So-called “castle doctrine” and “stand your ground” laws, better labeled “shoot Black and Brown people with virtual impunity”, have always been inherently contradictory, because their application is decided not by rational, objective, independent arbitors of justice, but by white supremacists in what passes for America’s legal system.
Consider the most recent example: A S.W.A.T. officer was shot and killed during a so-called “no-knock” raid in Texas in which officers failed to identify themselves to their intended target, one Marvin Guy, aged fifty. Guy apparently heard commotion outside his window in the dead of night and, as is allowed for white people in most states, but almost never Black and Brown people, shot first and asked questions later. Detective Charles Dinwiddie took one to the face and died two days later of his injuries. Mr. Guy has been charged with three counts of attempted capital murder, and sits in prison with a three million dollar bond, a ridiculously high amount he cannot possibly pay in order to secure his release from prison while he awaits his trial.
By contrast, a Texas white man will not face charges for killing a police officer. Henry Magee was asleep in his home at night when, similarly to Marvin Guy’s case, police decided to conduct a no-knock raid. Magee, like Guy, did not wait before firing at who he thought were intruders breaking and entering his home. Police sergeant Adam Sowders was killed.
Unlike Marvin Guy, however, Henry Magee will not face charges. His status as a white man entitles him to virtual immunity from prosecution for the same act for which Marvin Guy now faces three counts of attempted murder—an offense that, if he is convicted, could net him the death penalty or life in prison.
In that regard, Magee enjoys some rather dubious company: George Zimmerman, who got away with the murder of Trayvon Martin, an unarmed teenager, in Florida, Joe Horn, a Texas boy who shot and killed two unarmed would-be robbers as they fled from a neighbor’s home, and Michael Dunn, who murdered unarmed teen Jordan Davis in a confrontation over loud music and escaped a murder conviction (and has yet to be sentenced for his attempted murder verdict).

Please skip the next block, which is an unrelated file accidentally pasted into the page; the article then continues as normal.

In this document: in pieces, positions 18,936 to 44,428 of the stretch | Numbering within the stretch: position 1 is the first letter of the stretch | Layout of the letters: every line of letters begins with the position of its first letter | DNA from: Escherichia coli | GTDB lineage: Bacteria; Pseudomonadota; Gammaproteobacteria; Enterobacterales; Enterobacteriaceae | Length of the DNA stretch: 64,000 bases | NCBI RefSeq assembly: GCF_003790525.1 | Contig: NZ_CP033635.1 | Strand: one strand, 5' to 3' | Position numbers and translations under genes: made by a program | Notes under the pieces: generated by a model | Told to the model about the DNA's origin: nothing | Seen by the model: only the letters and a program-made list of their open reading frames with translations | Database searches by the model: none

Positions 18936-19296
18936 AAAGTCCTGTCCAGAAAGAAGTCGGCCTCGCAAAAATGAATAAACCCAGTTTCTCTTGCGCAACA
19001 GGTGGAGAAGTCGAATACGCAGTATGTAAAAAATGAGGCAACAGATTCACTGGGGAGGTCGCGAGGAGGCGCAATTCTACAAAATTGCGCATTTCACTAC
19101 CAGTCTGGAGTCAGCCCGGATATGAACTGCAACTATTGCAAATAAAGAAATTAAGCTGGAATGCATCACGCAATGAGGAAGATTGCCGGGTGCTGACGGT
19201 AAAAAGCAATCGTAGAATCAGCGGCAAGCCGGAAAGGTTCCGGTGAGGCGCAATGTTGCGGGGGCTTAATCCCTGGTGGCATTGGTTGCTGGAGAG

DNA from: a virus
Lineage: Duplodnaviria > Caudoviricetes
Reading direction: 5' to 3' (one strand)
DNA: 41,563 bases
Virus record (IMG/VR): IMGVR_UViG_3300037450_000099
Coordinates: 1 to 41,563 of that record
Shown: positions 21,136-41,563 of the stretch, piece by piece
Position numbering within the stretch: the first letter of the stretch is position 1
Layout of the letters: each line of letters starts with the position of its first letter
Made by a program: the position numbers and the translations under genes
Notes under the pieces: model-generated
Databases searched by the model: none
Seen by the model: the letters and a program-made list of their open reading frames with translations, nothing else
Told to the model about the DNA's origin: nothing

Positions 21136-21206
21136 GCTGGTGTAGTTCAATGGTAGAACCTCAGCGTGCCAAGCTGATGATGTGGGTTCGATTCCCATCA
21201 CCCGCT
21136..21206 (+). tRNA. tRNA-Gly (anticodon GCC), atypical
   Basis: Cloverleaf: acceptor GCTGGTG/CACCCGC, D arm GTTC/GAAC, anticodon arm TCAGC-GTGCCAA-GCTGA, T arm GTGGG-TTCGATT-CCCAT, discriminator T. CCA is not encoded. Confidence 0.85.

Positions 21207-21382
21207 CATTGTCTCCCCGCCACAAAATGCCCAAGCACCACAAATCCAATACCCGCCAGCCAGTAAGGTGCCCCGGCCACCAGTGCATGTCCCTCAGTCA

In all the cases mentioned above, the victims were Black or Hispanic, and the shooters were white*.
Similar to Marvin Guy, Marissa Alexander, a Black woman, was convicted and sentenced to twenty years in prison in Florida for firing a warning shot to ward off an assailant, her ex-husband, who was trying to beat her up. That case has, thankfully, prompted a new trial and a temporary release, and her attorneys are seeking to have the conviction overturned. Since then, Florida has extended its “stand your ground” law to include warning shots, but this is an illusory “reform” at best, because the hideous and racist double standards remain untouched. White folk are still free to shoot unarmed Black and Brown people with almost no consequences, if any at all, while Black and Brown people face prison for defending themselves.
Such a double standard is reminiscent of the Jim Crow era, where in spite of slavery having officially ended in the South, Blacks nevertheless continued to be subjugated, attacked, and murdered by whites at their whim, with no punishment for the perpetrators. Sadly, the era of New Jim Crow ensures that such terrorism against minorities will continue unabated, unless something is finally done about it.
*:Zimmerman is, according to some sources, half white and half Latino, but his treatment is indicative of the preferential variety traditionally given to white criminals compared to Black and Hispanic suspects.